MI6 Spy's Family Wants Answers At Inquest

Spy Death Mystery 'May Never Be Solved'

Relatives of an MI6 spy found in a holdall will demand to find out if he was killed by secret services as an inquests opens.

The naked and decomposing body of Gareth Williams, 31, was found in the bath of his home in Pimlico, central London, in August 2010.

The mysterious case has left family members fearing " some agency specialising in the dark arts " will leave them with no way of knowing how and why he died.

Scotland Yard has not been able to conclude whether he died at the hands of a third party or not.

Relatives believe someone was either present when he died or broke into his home afterwards to destroy the evidence.

Coroner Fiona Wilcox, who has already expressed frustration at police over DNA errors, is expected to hear from 30 witnesses over five days.

She says that whether Mr Williams was alive inside the bag and locked it himself "was at the very heart of this inquiry".

Dr Wilcox has indicated she may want to see a demonstration of how Mr Williams might have got into the bag and locked it himself.

The discovery of Mr Williams' body sparked a painstaking investigation, worldwide media frenzy and several outlandish conspiracy theories.

He was found in a large North Face holdall, sealed by a padlock, at his top-floor flat in Alderney Street.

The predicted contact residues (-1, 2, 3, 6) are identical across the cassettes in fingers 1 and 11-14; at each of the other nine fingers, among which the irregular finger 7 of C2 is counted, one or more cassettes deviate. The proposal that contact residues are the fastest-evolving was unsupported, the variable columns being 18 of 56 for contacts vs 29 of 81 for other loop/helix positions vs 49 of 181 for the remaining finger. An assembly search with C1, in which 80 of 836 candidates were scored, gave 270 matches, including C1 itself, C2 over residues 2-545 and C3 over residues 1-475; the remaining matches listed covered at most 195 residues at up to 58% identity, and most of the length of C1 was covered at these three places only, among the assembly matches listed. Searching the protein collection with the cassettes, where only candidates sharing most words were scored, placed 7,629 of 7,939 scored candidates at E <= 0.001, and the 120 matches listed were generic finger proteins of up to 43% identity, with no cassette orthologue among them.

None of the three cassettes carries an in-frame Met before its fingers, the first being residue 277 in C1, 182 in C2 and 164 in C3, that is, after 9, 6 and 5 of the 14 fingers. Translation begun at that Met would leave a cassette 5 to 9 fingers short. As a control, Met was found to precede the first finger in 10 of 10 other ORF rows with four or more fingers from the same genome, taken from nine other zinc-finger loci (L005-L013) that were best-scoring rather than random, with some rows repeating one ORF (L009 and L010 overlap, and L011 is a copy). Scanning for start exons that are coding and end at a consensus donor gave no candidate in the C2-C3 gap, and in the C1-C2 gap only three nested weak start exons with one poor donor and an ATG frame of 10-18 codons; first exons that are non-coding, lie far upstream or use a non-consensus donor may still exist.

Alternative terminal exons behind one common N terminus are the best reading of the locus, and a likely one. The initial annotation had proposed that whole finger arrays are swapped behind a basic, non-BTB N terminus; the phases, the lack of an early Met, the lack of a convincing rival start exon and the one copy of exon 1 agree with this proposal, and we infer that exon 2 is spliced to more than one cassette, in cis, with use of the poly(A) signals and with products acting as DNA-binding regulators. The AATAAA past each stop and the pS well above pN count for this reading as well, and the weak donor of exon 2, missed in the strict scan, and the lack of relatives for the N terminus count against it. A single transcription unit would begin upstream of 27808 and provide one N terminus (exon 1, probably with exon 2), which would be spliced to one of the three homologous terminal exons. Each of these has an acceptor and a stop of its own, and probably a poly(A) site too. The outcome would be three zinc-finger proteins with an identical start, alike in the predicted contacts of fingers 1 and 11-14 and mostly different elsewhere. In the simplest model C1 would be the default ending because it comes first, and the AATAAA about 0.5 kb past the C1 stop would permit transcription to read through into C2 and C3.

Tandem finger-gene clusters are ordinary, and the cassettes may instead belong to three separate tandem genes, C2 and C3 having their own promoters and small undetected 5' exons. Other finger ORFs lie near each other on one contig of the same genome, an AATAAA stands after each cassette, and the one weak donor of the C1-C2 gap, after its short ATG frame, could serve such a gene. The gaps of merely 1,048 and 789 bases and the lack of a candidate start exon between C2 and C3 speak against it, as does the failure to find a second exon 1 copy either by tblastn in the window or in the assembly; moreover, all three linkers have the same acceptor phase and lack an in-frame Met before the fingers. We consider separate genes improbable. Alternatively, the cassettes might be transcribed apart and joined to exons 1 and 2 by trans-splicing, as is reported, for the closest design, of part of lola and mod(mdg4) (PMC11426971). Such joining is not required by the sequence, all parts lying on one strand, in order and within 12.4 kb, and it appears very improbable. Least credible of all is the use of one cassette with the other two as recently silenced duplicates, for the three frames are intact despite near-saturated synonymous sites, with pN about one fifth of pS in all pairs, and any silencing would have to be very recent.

Family lawyer Anthony O'Toole has said the inquest at Westminster Coroner's Court must establish why there was no evidence of another person in his London apartment.

He told a pre-inquest review: "The impression of the family is that the unknown third party was a member of some agency specialising in the dark arts of the secret services, or evidence has been removed post-mortem by experts in those dark arts."

The mathematics prodigy, from Anglesey, North Wales, worked as a cipher and codes expert for GCHQ, the Government listening station, but had been on secondment with MI6 since March 2010.

Relatives want to know why the alarm was not raised when Mr Williams initially failed to turn up to work.

By the time officers arrived at his flat, his body was so decomposed that evidence had been lost.

The inquest will hear that Mr Williams may have died after breathing in too much carbon dioxide.